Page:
According to my fortune, that two talents
Were full sufficient: But you now must say,
If you’d save me, my fortune, and my son,
That I have settled all I have upon her.

Mene. What mean you?

Chrem. Counterfeit amazement too,
And question Clitipho my reason for it.

Mene. Nay, but I really do not know your reason.

Chrem. My reason for it? — That his wanton mind,
Now flush’d with lux’ry and lasciviousness,
I may o’erwhelm: and bring him down so low,
He may not know which way to turn himself.

Mene. What are you at?

Chrem. Allow me! let me have
My own way in this business.

Mene. I allow you.
Is it your pleasure?

Chrem. It is.

Mene. Be it so.

Chrem. Come then, let Clinia haste to call the bride.
And for this son of mine, he shall be school’d,
As children ought. — But Syrus!

Mene. What of him?

Chrem. What! I’ll so handle him, so curry him,
That while he lives he shall remember me.

Exit Menedemus .
What, make a jest of me? a laughing-stock?
Now, afore Heav’n, he would not dare to treat
A poor lone widow as he treated me.

Scene III.

Re-enter Menedemus, with Clitipho and Syrus .

Clit. And can it, Menedemus, can it be,
My father has so suddenly cast off
All natural affection? for what act?
What crime, alas! so heinous have I done?
It is a common failing.

Mene. This I know,
Should be more heavy and severe to you
On whom it falls: and yet am I no less
Affected by it, though I know not why,
And have no other reason for my grief,
But that I wish you well.

Clit. Did not you say
My father waited here?

Mene. Aye; there he is.

Exit Menedemus .

Chrem. Why d’ye accuse your father, Clitipho?
Whate’er I’ve done, was providently done
Tow’rd you and your imprudence. When I saw
Your negligence of soul, and that you held
The pleasures of to-day your only care,
Regardless of the morrow; I found means
That you should neither want, nor waste my substance.
When you, whom fair succession first made heir,
Stood self-degraded by unworthiness,
I went to those the next in blood to you,
Committing and consigning all to them.
There shall your weakness, Clitipho, be sure
Ever to find a refuge; food, and raiment,
And roof to fly to.

Clit. Ah me!

Chrem. Better thus,
Than, you being heir, for Bacchis to have all.

Syrus. Distraction! what disturbances have I,
Wretch that I am, all unawares created!

Clit. Would I were dead!

Chrem. Learn first what ’tis to live.
When you know that, if life displeases you,
Then talk of dying.

Syrus. Master, may I speak?

Chrem. Speak.

Syrus. But with safety?

Chrem. Speak.

Syrus. How wrong is this,
Or rather what extravagance and madness,
To punish him for my offense!

Chrem. Away!
Do not you meddle. No one blames you, Syrus!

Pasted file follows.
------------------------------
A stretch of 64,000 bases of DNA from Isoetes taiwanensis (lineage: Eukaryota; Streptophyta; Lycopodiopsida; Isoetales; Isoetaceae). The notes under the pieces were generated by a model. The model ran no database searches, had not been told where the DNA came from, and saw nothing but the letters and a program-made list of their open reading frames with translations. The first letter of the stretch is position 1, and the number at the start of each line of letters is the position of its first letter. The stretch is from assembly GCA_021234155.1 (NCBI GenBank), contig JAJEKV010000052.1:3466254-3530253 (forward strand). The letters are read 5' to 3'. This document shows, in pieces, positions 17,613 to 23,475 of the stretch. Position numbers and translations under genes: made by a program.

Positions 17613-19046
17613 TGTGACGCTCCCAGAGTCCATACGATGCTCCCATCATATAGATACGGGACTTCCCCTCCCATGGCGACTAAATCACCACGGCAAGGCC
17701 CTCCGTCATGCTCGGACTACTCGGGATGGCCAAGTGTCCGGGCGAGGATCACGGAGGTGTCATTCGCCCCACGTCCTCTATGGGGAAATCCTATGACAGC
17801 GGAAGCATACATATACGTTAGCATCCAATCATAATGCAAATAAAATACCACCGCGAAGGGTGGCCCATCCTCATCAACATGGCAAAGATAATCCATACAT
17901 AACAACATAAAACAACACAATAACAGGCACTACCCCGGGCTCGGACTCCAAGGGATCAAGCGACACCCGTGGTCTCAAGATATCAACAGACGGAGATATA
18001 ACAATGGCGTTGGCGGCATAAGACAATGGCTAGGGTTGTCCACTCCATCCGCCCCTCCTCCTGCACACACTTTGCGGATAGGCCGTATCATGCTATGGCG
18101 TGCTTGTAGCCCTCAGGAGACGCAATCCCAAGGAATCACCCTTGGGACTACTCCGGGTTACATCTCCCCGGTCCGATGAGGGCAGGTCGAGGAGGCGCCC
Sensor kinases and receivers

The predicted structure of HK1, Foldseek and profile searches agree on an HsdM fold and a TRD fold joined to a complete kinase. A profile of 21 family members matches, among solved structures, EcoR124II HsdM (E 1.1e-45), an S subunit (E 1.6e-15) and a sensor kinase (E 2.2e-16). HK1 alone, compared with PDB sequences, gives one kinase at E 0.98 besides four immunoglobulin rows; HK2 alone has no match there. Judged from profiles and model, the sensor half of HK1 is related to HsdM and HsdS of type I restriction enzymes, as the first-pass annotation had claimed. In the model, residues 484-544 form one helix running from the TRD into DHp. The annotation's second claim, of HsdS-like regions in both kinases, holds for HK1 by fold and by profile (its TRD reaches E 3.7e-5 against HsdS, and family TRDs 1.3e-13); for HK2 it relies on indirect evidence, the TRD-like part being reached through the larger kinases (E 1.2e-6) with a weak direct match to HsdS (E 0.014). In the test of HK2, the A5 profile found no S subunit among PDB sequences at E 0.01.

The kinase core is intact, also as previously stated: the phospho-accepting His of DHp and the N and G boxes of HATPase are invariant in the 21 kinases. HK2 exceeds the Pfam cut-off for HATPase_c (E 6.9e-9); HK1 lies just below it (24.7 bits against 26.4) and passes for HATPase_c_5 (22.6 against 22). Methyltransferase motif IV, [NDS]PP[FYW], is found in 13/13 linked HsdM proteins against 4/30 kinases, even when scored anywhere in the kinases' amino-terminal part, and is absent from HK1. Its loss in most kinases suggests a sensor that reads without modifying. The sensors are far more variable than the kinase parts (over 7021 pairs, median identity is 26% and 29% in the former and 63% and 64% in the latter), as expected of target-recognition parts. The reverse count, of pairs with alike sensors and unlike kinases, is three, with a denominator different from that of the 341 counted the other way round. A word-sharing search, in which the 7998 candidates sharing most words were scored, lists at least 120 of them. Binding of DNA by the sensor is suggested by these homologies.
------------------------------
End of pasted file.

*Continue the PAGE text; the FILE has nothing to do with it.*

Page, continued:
Nor need you to provide a sanctuary,
Or intercessor.

Syrus. What is it you do?

Chrem. I am not angry, nor with you, nor him:
Nor should you take offense at what I do.

Exit Chremes .

Scene IV.

Manent Clitipho, Syrus .

Syrus. He’s gone. Ah, would I’d ask’d him —

Clit. Ask’d what, Syrus?

Syrus. Where I should eat, since he has cast us off.
You, I perceive, are quarter’d on your sister.

Clit. Is’t come to this, that I should be in fear
Of starving, Syrus?

Syrus. So we do but live,
There’s hope —

Clit. Of what?

Syrus. That we shall have rare stomachs.

Clit. D’ye jest at such a time as this;
And lend me no assistance by your counsel?

Syrus. Nay, I was studying for you even now.
And was so all the while your father spoke.
And far as I can understand this —

Clit. What?

Syrus. Stay, you shall have it presently. (Thinking.)

Clit. Well, what?

Syrus. Thus then: I don’t believe that you’re their son.

Clit. How Syrus! are you mad?

Syrus. I’ll speak my thoughts.
Be you the judge. While they had you alone,
While yet there was no other nearer joy,
You they indulg’d, and gave with open hand:
But now a daughter’s found, their real child,
A cause is found to drive you forth.

Clit. ’Tis like.

Syrus. Think you this fault so angers him?

Clit. I think not.

Syrus. Consider too; ’tis ever found that mothers
Plead for their sons, and in the father’s wrath
Defend them. ’Tis not so at present.

Clit. True.
What shall I do then, Syrus?

Syrus. Ask of them
The truth of this suspicion. Speak your thoughts.
If ’tis not so, you’ll speedily incline them
Both to compassion; or, if so, be told
Whose son you are.

Clit. Your counsel’s good. I’ll do’t.

Scene V.

Syrus alone.

A lucky thought of mine! for Clitipho:
The less he hopes, so much more easily
Will he reduce his father to good terms.
Besides, who knows but he may take a wife?
No thanks to Syrus neither. — But who’s here?
Chremes! — I’m off: for seeing what has pass’d,
I wonder that he did not order me
To be truss’d up immediately. I’ll hence
To Menedemus, and prevail on him
To intercede for me: as matters stand,
I dare not trust to our old gentleman.

Exit Syrus .

Scene VI.

Enter Chremes, Sostrata .

Sostra. Nay indeed, husband, if you don’t take care,
You’ll bring some kind of mischief on your son: